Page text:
These estimates reveal a staggering failure," says John Christensen of the Tax Justice Network. "Inequality is much, much worse than official statistics show, but politicians are still relying on trickle-down to transfer wealth to poorer people.
"This new data shows the exact opposite has happened: for three decades extraordinary wealth has been cascading into the offshore accounts of a tiny number of super-rich."
- The people in charge of undemocratic, autocratic regimes in the developing world have shifted their cash (whether or not it is ill-gotten) to places where it’s safe. This isn’t about tax avoidance – one of the features of developing countries is their inability to raise taxes (which, by the way, is why over a third of Uganda’s national budget is overseas aid). It’s about ensuring that most of the cash stays in the family and isn’t lifted by the next generation of kleptocrats. According to the Guardian’s jolly infogram just 20 developing countries account for $7.5 trillion of the stashed cash.
- The second problem is that no distinction is made between income and assets. Most places don’t tax assets so it’s perfectly possible for a lot of this cash to have already been taxed. Perhaps not at the confiscatory rates prefers by Guardian readers but taxed nonetheless. And the implication (a pretty daft one if you ask me) is that all this money is held as cash. And that it’s stored in a big vault in the manner of Scrooge McDuck. Forgive me for thinking that most of these bloated capitalist billionaires would prefer that their cash did some work for them while stashed away avoiding tax? Which means it’s generating more wealth and (as a by-product) creating jobs, supporting businesses and generally doing that good stuff that money well-used – note this you wasteful governments – does.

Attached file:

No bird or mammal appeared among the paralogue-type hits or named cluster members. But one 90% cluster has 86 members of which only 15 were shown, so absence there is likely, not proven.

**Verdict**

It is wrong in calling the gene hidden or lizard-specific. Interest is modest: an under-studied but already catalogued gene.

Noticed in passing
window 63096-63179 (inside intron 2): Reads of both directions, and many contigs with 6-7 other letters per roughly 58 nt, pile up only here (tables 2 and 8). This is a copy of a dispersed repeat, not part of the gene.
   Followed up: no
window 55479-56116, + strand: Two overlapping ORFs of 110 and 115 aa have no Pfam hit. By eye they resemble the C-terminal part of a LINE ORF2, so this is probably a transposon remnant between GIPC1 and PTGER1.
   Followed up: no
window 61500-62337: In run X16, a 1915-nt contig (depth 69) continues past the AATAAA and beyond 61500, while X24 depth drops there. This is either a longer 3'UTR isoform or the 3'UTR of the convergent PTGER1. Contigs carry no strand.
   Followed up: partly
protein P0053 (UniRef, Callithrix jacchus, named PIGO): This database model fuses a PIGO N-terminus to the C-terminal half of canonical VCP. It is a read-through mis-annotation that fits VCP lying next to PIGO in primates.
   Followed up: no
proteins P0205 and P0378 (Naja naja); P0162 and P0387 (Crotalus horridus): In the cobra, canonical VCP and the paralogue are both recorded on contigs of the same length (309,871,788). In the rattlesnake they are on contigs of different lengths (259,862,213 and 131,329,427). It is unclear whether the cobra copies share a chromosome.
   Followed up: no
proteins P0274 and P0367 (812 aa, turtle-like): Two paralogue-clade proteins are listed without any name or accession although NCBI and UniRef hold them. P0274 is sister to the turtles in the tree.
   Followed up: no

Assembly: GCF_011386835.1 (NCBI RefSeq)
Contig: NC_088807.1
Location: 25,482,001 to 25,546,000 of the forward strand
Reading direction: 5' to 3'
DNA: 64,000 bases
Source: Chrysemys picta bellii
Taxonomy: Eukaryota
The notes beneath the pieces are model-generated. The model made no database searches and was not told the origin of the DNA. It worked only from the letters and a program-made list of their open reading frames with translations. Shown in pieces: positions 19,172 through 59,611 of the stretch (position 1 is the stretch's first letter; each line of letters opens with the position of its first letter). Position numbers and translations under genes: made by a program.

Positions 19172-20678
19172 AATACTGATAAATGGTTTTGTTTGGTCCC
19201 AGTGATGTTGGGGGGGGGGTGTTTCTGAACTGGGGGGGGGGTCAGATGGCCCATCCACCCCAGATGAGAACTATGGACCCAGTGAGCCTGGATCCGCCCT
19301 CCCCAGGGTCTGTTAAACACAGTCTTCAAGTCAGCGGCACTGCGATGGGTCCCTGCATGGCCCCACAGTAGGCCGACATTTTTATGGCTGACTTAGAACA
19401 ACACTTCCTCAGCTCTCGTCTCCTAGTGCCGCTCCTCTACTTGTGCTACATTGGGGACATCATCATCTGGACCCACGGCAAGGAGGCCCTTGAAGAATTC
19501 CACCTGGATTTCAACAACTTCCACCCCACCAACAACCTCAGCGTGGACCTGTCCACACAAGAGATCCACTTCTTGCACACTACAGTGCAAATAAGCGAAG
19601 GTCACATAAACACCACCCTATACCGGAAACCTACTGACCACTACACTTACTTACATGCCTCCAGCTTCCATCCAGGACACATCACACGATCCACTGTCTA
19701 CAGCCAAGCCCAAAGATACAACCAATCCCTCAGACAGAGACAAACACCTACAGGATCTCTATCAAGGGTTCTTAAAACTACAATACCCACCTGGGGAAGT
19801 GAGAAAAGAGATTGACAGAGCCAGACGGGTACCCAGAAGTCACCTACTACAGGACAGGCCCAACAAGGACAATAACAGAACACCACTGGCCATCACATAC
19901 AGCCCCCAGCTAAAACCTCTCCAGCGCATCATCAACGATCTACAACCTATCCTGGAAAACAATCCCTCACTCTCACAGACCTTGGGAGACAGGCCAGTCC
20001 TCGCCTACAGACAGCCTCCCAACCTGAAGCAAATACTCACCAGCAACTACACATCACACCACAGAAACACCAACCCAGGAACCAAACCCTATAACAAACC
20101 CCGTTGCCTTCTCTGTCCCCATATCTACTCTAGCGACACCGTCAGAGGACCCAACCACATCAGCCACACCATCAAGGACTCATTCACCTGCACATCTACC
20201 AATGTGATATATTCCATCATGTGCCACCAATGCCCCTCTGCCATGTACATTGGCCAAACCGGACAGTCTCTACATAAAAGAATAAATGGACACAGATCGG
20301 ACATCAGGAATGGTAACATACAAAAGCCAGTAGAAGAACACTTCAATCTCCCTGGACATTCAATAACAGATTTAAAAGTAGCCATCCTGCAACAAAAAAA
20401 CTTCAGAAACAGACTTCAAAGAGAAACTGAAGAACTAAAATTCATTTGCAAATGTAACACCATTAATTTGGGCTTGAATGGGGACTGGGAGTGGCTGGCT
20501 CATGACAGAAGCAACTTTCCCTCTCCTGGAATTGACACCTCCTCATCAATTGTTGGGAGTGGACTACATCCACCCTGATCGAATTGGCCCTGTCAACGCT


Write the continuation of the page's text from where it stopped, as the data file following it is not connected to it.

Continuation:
- Finally, no-one spots the other part of the problem – tax rates on income are too high. This isn’t just the moral offence of taking half of what someone works to earn. It’s much more practical than that – if, as a result of our tax regimes or other confiscatory laws, rich people bundle up their cash and stick it somewhere else, then it’s our tax system that is the problem rather than the “ethics” of the rich people.